Wednesday, July 3, 2019

Who Wants More ‘Settings with Strata’ - Historically Coherent Quick-Setting Tips?

Back in April, I published a blog post called “Settings with Strata: A Quick-Design Method for Historically Coherent Campaign Settings.” In it, I shared my method for quickly creating a sandbox setting where adventure locations are coherent and organically connected to the setting’s history.

Since April, “Settings with Strata” has been my second-most-read post on the blog. Ynas Midgard kindly included the post on an ‘excellence in the blogosphere’ list (thanks!), so I realize that for some readers this post was a gateway into the blog, which may account for a lot of the post’s traffic. That being said, since then I’ve also noticed what looks like a steady drip of readers coming back to that post. So - are folks finding “Settings with Strata” useful as more than a one-time read - and do you all want more of this approach? 

No worries if I’m just misinterpreting the page hits data, but if you would like to see further development along that post’s lines, please leave a comment to articulate that interest, and in particular please let me know in what ways the post has/hasn’t been helpful and how it could be more helpful. Looking at my post, I do see one thing off the bat that I could elaborate, though I’ll want input from all of you to see whether this would really be in demand. 

At it’s core, the method involved four steps:
1 “In just a few sentences, articulate a main concept for your setting.”
2 “Draw or sketch a rough map of a region that fits that concept.”
3 “Write a very brief summary of your setting’s history…write a 1-3 sentence description of 3 or 4 eras/periods leading up to the present.”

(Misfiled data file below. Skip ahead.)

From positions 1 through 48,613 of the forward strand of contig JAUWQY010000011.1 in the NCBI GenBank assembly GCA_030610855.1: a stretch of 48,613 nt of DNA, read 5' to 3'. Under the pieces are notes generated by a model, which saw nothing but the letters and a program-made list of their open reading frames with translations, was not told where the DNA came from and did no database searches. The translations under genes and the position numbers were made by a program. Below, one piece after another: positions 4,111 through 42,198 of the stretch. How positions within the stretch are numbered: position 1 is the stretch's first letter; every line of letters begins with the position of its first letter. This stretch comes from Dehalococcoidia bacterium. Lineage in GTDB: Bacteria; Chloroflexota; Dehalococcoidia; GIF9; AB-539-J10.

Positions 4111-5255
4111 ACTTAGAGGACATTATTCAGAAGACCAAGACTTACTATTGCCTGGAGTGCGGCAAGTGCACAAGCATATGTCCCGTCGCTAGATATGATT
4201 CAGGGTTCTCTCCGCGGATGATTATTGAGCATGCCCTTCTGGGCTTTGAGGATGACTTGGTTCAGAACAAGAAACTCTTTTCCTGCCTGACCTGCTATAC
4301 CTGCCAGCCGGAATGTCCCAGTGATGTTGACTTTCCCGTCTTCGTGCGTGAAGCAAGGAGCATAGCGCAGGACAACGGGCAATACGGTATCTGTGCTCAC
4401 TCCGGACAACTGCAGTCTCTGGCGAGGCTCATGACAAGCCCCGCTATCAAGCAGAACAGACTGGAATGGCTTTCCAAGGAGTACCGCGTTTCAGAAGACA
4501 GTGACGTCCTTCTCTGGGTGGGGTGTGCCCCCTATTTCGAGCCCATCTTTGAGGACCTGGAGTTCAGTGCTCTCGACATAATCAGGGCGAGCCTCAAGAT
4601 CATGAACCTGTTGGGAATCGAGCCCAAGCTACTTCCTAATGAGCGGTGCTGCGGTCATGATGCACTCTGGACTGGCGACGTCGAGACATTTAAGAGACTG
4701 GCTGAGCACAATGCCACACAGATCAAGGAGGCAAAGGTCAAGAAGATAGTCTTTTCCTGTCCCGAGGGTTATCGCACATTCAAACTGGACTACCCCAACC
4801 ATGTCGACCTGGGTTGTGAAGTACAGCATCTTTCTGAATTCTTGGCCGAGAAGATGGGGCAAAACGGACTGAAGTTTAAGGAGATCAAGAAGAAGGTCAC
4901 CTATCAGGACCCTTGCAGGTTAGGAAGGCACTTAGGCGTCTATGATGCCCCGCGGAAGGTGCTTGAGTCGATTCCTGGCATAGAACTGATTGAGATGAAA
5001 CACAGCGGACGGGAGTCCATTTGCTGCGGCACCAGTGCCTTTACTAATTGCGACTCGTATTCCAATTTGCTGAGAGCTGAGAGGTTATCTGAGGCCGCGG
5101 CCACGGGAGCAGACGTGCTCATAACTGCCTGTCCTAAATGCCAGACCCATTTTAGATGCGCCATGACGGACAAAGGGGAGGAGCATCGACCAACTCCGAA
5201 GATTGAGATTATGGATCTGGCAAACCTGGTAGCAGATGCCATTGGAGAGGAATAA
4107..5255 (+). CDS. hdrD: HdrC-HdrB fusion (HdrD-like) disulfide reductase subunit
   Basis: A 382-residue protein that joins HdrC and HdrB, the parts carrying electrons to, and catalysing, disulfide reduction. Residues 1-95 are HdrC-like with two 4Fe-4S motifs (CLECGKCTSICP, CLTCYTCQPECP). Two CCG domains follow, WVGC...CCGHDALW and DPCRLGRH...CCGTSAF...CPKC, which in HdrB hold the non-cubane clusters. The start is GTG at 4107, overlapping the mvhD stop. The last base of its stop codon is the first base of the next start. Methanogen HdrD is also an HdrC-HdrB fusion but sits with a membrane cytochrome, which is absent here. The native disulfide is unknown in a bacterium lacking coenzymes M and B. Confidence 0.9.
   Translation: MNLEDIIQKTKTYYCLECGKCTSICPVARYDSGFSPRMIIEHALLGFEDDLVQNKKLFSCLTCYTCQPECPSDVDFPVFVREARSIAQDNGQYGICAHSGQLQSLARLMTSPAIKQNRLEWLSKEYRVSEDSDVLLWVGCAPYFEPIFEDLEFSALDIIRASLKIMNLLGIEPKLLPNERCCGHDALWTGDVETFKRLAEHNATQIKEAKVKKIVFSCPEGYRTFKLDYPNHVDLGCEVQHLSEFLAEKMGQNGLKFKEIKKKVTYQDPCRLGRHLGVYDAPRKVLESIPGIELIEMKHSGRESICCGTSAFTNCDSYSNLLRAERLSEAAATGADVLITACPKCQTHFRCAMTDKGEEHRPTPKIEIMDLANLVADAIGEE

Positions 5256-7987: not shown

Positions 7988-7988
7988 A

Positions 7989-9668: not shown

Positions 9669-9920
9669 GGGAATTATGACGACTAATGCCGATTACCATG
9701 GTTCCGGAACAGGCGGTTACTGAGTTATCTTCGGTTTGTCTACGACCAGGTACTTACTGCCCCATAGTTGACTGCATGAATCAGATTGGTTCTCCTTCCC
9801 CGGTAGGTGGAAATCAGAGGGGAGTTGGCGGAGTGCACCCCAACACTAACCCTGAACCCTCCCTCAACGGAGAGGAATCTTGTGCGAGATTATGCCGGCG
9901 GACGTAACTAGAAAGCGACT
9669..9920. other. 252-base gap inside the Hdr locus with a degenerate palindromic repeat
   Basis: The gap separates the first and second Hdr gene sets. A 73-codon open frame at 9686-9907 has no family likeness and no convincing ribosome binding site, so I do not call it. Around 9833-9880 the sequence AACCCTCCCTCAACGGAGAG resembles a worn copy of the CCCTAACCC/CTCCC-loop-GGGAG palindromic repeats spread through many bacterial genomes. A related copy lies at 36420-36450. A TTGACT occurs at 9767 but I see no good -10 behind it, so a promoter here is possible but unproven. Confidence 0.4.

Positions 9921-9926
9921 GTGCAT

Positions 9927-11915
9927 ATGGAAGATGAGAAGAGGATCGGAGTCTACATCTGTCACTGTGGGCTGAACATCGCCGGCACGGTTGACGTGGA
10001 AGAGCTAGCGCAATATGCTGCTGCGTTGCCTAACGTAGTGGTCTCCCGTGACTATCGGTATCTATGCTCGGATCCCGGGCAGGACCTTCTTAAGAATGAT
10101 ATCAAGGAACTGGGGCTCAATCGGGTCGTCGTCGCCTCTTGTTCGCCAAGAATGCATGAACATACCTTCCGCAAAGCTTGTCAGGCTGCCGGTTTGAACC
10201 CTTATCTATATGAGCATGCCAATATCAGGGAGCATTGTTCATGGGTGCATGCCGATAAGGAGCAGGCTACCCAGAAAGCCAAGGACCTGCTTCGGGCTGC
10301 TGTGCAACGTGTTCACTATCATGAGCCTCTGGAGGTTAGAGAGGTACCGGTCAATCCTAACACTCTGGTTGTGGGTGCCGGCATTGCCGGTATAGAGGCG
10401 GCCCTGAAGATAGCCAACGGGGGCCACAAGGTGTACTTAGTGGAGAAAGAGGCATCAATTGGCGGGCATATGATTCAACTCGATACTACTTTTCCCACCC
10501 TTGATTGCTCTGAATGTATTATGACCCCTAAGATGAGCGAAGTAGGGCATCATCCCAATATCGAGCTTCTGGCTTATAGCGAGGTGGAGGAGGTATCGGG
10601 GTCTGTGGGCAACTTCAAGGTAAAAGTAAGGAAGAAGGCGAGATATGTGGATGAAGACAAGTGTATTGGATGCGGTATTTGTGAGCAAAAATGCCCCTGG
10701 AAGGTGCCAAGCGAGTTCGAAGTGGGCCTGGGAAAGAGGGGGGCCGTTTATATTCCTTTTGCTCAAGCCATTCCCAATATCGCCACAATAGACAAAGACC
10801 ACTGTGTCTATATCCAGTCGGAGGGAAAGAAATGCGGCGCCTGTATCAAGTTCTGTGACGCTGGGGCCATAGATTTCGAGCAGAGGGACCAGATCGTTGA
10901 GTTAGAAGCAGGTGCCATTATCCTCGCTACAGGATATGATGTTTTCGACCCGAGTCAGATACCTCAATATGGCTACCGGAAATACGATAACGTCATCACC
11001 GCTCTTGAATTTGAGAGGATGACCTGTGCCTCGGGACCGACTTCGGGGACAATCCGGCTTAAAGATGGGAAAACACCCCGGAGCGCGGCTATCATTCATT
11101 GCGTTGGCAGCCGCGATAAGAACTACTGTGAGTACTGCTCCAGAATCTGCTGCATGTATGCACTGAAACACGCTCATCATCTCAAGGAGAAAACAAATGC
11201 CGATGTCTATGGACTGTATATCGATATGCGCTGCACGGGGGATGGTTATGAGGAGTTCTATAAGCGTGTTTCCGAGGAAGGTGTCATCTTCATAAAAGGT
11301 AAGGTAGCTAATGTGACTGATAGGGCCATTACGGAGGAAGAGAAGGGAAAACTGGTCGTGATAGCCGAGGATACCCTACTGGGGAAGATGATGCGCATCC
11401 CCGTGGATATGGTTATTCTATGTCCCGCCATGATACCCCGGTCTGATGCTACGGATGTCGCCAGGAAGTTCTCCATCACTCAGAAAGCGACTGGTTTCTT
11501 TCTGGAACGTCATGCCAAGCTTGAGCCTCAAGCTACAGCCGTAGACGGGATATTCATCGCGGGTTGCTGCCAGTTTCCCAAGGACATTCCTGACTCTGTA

4 “For each of those 3-4 periods, moving in order from past to present, mark approximately 3-5 locations that were most important for the history of each period on your map.”

There was much more to say, but that’s the thing in a nutshell. The blog post focused on Step Four, which is where I had the most to contribute at that point. In subsequent conversations, I reflected that I find step 3 pretty easy since, as an academic historian, I carry a long inventory of historical situations and dynamics around in my head, giving me a menu to pick from pretty easily. This may not be the case for everyone, of course, and I’m thinking that perhaps this is where I could add some further support to the system. Clockwork Badger has already riffed off this with a short random table for describing new factions arriving on the scene, which is a cool way to move things forward. 

To go even further, I can envision laying down a number of ideas here…perhaps by articulating random tables tied to select, more in-depth descriptions of ways different actual societies might ‘rise’ and ‘decline’ or even ‘collapse’ (oversimplifying a bit, but hey this is shorthand AND fantasy) - and then offering ideas on how to weave those together, quickly, into a coherent narrative framework for one’s campaign. 

What do you think? Would this help? Kindly give me a sense of how this sounds - whether “meh” or “sure” or “YES, I would want that and use that!” Thanks. 


  1. I wasn't here back in April & technically not sure whats exactly going on but do know history is always important in RPGs & from what I've read here I think that more is better.

  2. I'd love to see more content regarding "settings with strata". It's a simple concept that's really proving itself useful for the creation of sandbox regions, but I think there are definitely a lot of directions you can take it.

  3. Thanks, all! Sounds like lots of interest - stay tuned!

  4. Yes, I would interested, especially in the rise, decline, and/or collapse of a civilization.

  5. Yes I personally would love to see more. Random tables would be a great addition as well.


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